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Document Max. Freq Min. Freq
Brigadier-General Ellison Capers, Confederate Military History, a library of Confederate States Military History: Volume 5, South Carolina (ed. Clement Anselm Evans) 305 27 Browse Search
Southern Historical Society Papers, Volume 7. (ed. Reverend J. William Jones) 141 9 Browse Search
Alfred Roman, The military operations of General Beauregard in the war between the states, 1861 to 1865 129 9 Browse Search
John Esten Cooke, Wearing of the Gray: Being Personal Portraits, Scenes, and Adventures of War. 100 2 Browse Search
Southern Historical Society Papers, Volume 13. (ed. Reverend J. William Jones) 98 2 Browse Search
Comte de Paris, History of the Civil War in America. Vol. 3. (ed. Henry Coppee , LL.D.) 86 2 Browse Search
Southern Historical Society Papers, Volume 22. (ed. Reverend J. William Jones) 76 4 Browse Search
Edward Porter Alexander, Military memoirs of a Confederate: a critical narrative 74 0 Browse Search
Robert Underwood Johnson, Clarence Clough Buell, Battles and Leaders of the Civil War. Volume 4. 65 5 Browse Search
Harper's Encyclopedia of United States History (ed. Benson Lossing) 63 7 Browse Search
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Browsing named entities in The Daily Dispatch: January 22, 1862., [Electronic resource]. You can also browse the collection for Wade Hampton or search for Wade Hampton in all documents.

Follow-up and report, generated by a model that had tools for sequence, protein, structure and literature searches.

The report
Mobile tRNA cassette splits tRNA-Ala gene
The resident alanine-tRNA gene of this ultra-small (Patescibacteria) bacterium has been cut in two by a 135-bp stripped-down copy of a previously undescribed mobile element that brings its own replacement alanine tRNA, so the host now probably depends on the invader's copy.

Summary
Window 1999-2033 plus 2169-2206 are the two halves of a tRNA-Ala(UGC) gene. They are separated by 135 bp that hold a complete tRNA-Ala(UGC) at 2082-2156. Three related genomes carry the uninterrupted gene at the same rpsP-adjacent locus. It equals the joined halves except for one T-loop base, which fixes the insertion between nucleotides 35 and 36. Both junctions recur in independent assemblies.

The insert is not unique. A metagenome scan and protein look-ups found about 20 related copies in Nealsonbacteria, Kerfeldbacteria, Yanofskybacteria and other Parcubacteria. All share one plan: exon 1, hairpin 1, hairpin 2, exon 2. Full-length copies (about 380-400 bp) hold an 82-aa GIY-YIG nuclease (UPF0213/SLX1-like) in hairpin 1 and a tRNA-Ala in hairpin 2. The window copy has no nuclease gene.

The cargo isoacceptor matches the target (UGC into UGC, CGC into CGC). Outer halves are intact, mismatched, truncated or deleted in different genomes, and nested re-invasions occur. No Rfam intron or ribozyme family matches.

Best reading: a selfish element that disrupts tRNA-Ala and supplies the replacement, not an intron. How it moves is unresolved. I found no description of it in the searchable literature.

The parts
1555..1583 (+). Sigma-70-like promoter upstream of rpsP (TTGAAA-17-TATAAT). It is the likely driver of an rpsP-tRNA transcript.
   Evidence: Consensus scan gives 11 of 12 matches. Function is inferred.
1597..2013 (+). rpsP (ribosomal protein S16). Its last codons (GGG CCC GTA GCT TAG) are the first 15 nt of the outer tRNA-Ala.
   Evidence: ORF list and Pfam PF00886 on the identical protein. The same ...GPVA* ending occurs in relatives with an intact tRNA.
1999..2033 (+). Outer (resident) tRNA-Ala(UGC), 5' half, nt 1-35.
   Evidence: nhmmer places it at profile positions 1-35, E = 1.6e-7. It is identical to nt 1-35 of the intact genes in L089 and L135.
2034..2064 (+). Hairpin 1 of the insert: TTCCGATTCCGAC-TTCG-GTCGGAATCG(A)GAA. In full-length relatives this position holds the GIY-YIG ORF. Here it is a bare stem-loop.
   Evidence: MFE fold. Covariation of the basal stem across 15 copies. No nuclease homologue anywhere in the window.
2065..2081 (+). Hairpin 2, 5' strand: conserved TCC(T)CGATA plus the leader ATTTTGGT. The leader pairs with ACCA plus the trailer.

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, and some ship-yards were burned. Five miles below the city of Norfolk is Crany Island, lying at the entrance of the harbor, three miles from Hampton Roads.--During the last war with England this was the scene of a battle. On the 22d of June, 1813, a large fleet made an attack upon it, with a force of about 4,000 men, but met with a serious defeat. The loss to the enemy was two hundred, while the Virginians did not lose a man. The fortifications on this island were erected by Maj. Gen. Wade Hampton, then in command of this district. One more event of interest, and I have done. In the year 1856, the city of Norfolk was the scene of a serious and fatal epidemic that has been appropriately denominated "the great pestilence in Virginia." The yellow fever swept through the town until it was more than decimated. The tale of horrors that terrible disease unfolded, beggars the power of words to describe. It has, however, been made the subject of an interesting book from the pen